Chapter 43

Gain Mastery Over Copper

Wooden beads are cheap and make experimentation fun.

  • If you happen to have a roll of .16 gauge copper wire handy, you'll appreciate this beginner's project, the Bead Curtain. Make some WOUND WIRE RONDELS on your large miniature screwdriver, and be sure to cut them FLUSH ON BOTH ENDS.
  • Cut some 3" long .16 gauge CORE WIRES, and be sure to FLUSH CUT ON BOTH ENDS.
  • Now make a GENEROUS loop on one end of your core wire, and bring the end ALL THE WAY to close it against itself.
  • TUG BACK on the main body of the core wire so that the loop is a perfect lollipop shape.
  • Drop one or two WIRE RONDELS onto the core wire, then your wooden bead or beads, then one or two more wire rondels. If you used one, then use one again. If you used two, then use two to match on the other side of the main bead, as show in photo. You can combine any colors, shapes and sizes of wooden beads you want to have on there, the crazier and more random, the better. Make sure the beads don't weigh too much, because the earring mustn't be too heavy to actually wear.
  • Now make a CLOSING LOOP on the other end of the core wire, and you have a complete ELEMENT, which can be combined with other ELEMENT DROPS, as shown in photo.

Side view of simple beginner's .16 gauge Tribal Earring project.

  • You can open the loop TO THE SIDE to preserve the loop's perfect lollipop shape, and slip it onto another element.
  • Make the HOOP, the main body of the earring, by making a LOLLIPOP LOOP at one end of a 3" long .16 gauge wire, FLUSH CUT ON BOTH ENDS, making sure to roll the closing loop over the first loop, as shown in photo.
  • Feed a WOODEN SEPARATOR BEAD of whatever size you like onto the HOOP, then add one wire drop element, then another separator bead, another element, another separator bead, another element, another separator bead, until you have THREE WIRE DROPS and FOUR WOODEN BEAD SEPARATORS on your HOOP.
  • Now make two .20 gauge ancient-style ear wires as shown, and attach them by opening the .16 gauge loops, ALWAYS TO THE SIDE. Never open a loop by making it bigger.

No store-bought beads at all in this Primitive Copper Project

Here's a simple project, although it looks complicated. Pay close attention, and learn the easy way:

  • Cut a 3" length of .16 gauge copper wire and FLUSH CUT BOTH ENDS. Now make another one just like it.
  • Make a LARGE, GENEROUS LOOP on one end of each wire.
  • Holding the loop of one wire down on the LARGE HOOP FORM, make the copper wire bend in a circle around the form, to create a HOOP shape. Do the same with the other wire.
  • Now to make the DROP WIRES, cut TEN 3" lengths of .16 gauge copper wire and FLUSH CUT BOTH ENDS.
  • Form a LARGE GENEROUS LOOP at one end of each of the DROP WIRES. Make absolutely certain that the loops don't stick out on either side -- they should join perfectly with themselves to make a perfect LOLLIPOP LOOP.
  • Now create a second loop on the other end of each drop, making absolutely certain that the second loop is 90 DEGREES against the first loop. They MUST be criss-crossed like this to function, hang, and move correctly.
  • Now make EIGHT COILS, exactly 8 winds per coil, as shown in the photo above. Make absolutely certain that the ends of the coils are flush-cut and trimmed to avoid catching on clothing or skin. File and buff or polish as necessary to get rid of any sharp points or edges.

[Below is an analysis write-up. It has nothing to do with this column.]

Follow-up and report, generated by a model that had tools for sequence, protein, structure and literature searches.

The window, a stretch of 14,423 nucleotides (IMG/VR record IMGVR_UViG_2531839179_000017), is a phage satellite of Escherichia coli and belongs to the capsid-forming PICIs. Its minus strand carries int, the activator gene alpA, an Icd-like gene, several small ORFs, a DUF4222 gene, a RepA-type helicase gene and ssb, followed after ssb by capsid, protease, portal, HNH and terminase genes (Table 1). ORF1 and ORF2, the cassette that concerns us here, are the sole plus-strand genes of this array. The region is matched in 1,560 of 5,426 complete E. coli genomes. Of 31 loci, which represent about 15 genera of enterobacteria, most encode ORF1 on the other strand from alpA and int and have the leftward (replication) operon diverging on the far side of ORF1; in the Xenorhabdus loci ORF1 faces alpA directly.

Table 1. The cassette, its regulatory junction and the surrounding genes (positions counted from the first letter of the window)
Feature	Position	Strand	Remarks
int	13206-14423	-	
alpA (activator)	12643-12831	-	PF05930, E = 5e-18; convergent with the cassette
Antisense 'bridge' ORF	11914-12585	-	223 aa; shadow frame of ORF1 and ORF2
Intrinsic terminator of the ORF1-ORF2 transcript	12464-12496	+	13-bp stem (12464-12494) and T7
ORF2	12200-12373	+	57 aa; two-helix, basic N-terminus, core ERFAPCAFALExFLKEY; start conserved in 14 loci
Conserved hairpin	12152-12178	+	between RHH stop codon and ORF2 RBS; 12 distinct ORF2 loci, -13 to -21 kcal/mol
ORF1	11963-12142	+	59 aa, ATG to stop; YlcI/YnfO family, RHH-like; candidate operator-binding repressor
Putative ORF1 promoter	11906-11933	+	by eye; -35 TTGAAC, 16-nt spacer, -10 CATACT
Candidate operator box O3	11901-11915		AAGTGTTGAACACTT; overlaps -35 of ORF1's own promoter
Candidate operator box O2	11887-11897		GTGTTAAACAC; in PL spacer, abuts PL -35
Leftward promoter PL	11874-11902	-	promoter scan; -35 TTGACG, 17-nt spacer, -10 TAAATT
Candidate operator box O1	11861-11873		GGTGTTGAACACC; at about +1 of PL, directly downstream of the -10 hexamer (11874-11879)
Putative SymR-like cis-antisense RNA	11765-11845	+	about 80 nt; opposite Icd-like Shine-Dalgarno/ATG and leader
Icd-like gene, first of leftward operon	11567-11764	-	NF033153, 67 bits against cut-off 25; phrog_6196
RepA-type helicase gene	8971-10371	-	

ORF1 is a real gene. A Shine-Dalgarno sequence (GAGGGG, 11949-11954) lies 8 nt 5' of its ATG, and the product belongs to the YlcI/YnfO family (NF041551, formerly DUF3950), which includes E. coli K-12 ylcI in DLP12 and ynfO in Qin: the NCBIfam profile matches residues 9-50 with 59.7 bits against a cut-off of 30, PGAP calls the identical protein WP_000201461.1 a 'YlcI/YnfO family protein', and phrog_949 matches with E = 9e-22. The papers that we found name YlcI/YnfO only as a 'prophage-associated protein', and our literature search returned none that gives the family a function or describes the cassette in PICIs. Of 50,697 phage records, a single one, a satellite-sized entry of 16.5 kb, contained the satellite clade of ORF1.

• Make TWO ANCIENT STYLE EAR WIRES and set them aside.
  • Feed the DROP WIRES onto the MAIN HOOP as shown, using the home-made coil beads as shown in photo, and make the CLOSING LOOP to keep them in place.
  • Attach the EAR WIRES by bending the TOP OVER-LOOP to the side slightly, just enough to accommodate the ear wire. Do not over-bend the top loop, or risk visible damage and scarring to the metal.
  • Now you can hammer down or flatten the SIDES of the loops, never the top or bottom of the loop, on the closing loop, drops or any other loop you want to enlarge or make flashy with irregular surfaces that are produced by hammering. You can use the ball side of the hammer to create stippled or inversion surfaces or any other effect you know how to produce with the ball-peen hammer and anvil.

The whole idea of this project is to make a set of earrings without a single store-bought bead, so resist the urge to change things and DON'T ADD store-bought beads to this build.

Project IV is a great way to introduce yourself to the paddle effect.

To make Project IV, the Ashanti Spiral Drop, follow this simple set of instructions exactly and to-the-letter:

  • Cut FOUR 3" lengths of .16 gauge copper wire and FLUSH CUT BOTH ENDS of each wire.
  • Form a LARGE, GENEROUS LOOP on one end of each wire.
  • Cut FOUR 10" lengths of .16 gauge copper wire and create FOUR spiral wound wire beads on your LARGE miniature screwdriver.
  • Feed ONE of your home-made spiral wound tube beads onto EACH of the four Core or Drop wires you just prepared with a loop at one end. You can use a LARGE HOLD copper bead here at considerable extra expense, as shown in photo. Until you're making money at this, it's not worth the extra expense, and adds nothing to the primitive look you're trying to achieve.
  • Make a much larger CLOSING LOOP on the bottom of the drop wires, and flatten them with your ball-peen hammer and anvil, to give them some size and sparkle.
  • Now cut TEN pieces of .16 gauge wire, of varying lengths anywhere from 2 1/2" to 3 1/2" depending on taste, luck and slippage of the cutter, to make your paddle wires.
  • Form a loop at the FLUSH END of each of the ten paddle wires, making absolutely certain that each is EXACTLY fitted so as to leave NO trace of sharp edge or points.
  • Holding each paddle wire correctly -- with the loop between thumb and forefinger, held vertical, like a miniature gun -- hammer out the SHARP END into a PERFECT TEARDROP shape, with no sharp edges, meaning don't hammer too much. Very thin copper gets very sharp very fast.
  • Now turn each of the loops on each of the copper paddles and fit them onto the larger hammered-out BOTTOM LOOPS of the TEN DROP WIRES, and close each loop as you fit it on. You can decide to fit the paddles on all the same way, or differently, as you prefer. Tribally speaking, pay no attention to Western Design Concepts and don't whitewash the front lawn fence to make it all square and neat and orderly. A little randomity never hurt anyone.